Those are just two examples. There are plenty more. However, there are also more than a few examples of large, well-known stocks that are underrepresented in the ETF arena. Here are five, that in our opinion, should be weighted a bit more heavily by ETFs. In no particular order...
Transocean (NYSE: RIG): Transocean is the world's largest provider of offshore drilling services and as the world's largest provider of anything related to the oil business, one might think RIG was easy to find in the ETF world. It's not. The Oil Services HOLDRS (AMEX: OIH) offers a weight of just under 10% to RIG, making it the only ETF to allocate a noteworthy portion of its weight to this stock. Transocean is based in Switzerland and it's nowhere to be found in the iShares MSCI Switzerland Index Fund (NYSE: EWL).
General Mills (NYSE: GIS): It's not hard to find General Mills rival Kraft (NYSE: KFT) in ETFs, probably because the latter is a Dow stock and bigger than Big G. That's too bad because General Mills has consistently outperformed Kraft in recent years. Plus, Big G is a reliable dividend stock and it's “just” the second-largest U.S. food company. Only the Global X Food ETF (NYSE: EATX) features General Mills a prominent holding.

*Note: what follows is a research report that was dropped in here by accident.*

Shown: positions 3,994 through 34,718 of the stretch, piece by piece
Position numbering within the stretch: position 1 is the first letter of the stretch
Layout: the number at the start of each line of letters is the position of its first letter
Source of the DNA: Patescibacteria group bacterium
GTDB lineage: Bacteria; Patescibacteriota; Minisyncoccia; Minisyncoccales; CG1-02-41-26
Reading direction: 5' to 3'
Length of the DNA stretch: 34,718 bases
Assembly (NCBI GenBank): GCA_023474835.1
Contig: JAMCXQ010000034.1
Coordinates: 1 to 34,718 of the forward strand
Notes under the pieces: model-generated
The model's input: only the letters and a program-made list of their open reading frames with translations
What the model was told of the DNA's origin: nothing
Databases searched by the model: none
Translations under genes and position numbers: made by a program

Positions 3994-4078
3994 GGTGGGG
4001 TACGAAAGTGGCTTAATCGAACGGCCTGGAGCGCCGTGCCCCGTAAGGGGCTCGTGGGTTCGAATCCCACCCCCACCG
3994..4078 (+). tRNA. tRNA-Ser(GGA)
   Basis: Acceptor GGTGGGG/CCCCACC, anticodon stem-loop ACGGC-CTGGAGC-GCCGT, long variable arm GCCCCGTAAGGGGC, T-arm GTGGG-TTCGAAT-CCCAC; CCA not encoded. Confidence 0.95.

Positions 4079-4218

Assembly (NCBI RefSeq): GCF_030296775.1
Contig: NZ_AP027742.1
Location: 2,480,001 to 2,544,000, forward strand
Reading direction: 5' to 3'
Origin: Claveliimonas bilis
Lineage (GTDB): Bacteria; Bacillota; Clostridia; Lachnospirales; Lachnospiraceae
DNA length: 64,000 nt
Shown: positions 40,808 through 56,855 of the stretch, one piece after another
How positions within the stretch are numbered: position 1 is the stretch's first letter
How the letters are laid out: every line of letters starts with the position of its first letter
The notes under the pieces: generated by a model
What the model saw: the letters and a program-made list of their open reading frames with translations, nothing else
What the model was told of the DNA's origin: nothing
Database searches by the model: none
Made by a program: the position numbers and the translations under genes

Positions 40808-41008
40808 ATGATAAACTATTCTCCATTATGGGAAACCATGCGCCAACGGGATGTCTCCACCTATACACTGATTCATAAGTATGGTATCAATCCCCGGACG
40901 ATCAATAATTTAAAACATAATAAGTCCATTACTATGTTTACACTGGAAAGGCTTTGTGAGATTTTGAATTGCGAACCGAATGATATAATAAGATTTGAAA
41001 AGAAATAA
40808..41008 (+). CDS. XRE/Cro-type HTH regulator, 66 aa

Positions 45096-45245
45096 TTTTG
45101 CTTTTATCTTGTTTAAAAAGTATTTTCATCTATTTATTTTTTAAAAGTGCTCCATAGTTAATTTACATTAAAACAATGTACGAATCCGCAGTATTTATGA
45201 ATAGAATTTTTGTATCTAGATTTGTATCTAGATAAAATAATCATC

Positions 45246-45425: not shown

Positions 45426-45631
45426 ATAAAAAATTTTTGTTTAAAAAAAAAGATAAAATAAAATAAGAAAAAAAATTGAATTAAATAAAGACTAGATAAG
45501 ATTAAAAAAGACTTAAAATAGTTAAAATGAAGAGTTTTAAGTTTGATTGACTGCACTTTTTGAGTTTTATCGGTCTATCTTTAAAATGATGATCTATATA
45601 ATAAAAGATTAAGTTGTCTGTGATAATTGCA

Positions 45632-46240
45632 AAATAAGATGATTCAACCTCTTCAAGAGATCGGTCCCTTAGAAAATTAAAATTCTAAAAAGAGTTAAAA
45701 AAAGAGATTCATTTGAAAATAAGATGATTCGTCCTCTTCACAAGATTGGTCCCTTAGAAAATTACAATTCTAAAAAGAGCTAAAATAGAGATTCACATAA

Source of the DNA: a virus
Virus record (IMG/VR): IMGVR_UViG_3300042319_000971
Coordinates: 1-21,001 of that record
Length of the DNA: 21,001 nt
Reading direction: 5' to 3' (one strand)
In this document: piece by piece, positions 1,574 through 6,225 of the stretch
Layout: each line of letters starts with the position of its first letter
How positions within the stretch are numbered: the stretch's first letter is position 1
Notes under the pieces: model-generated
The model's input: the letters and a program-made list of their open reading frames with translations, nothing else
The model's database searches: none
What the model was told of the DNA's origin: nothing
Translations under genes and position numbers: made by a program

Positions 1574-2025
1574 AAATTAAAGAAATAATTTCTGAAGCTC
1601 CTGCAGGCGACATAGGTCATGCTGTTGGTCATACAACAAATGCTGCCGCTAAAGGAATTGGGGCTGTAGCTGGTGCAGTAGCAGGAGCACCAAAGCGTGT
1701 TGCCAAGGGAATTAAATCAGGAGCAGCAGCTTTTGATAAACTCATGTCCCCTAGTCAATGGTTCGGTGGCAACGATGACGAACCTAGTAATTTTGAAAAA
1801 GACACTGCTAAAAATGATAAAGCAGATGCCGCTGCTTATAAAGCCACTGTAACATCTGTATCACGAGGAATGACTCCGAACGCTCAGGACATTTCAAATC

BHP Billiton (NYSE: BHP): The only excuse here, and it's a weak one, is that BHP is not a U.S.-based company. This is the largest mining company in the world and has a market value of close to $208 billion. The fact that just two ETFs, the iShares MSCI Australia Index Fund (NYSE: EWA) and the PowerShares BLDRS Asia 50 Index (Nasdaq: ADRA), give double-digit allocations to BHP is stunning.
Caterpillar (NYSE: CAT): As Roger Nusbaum noted earlier this week, Caterpillar is a good example of a situation where it's best to own the stock directly instead of using an ETF as a proxy. A lot of ETFs hold CAT, but not a lot feature the world's largest maker of construction and mining equipment prominently. With CAT flirting with $100 again, that's disappointing.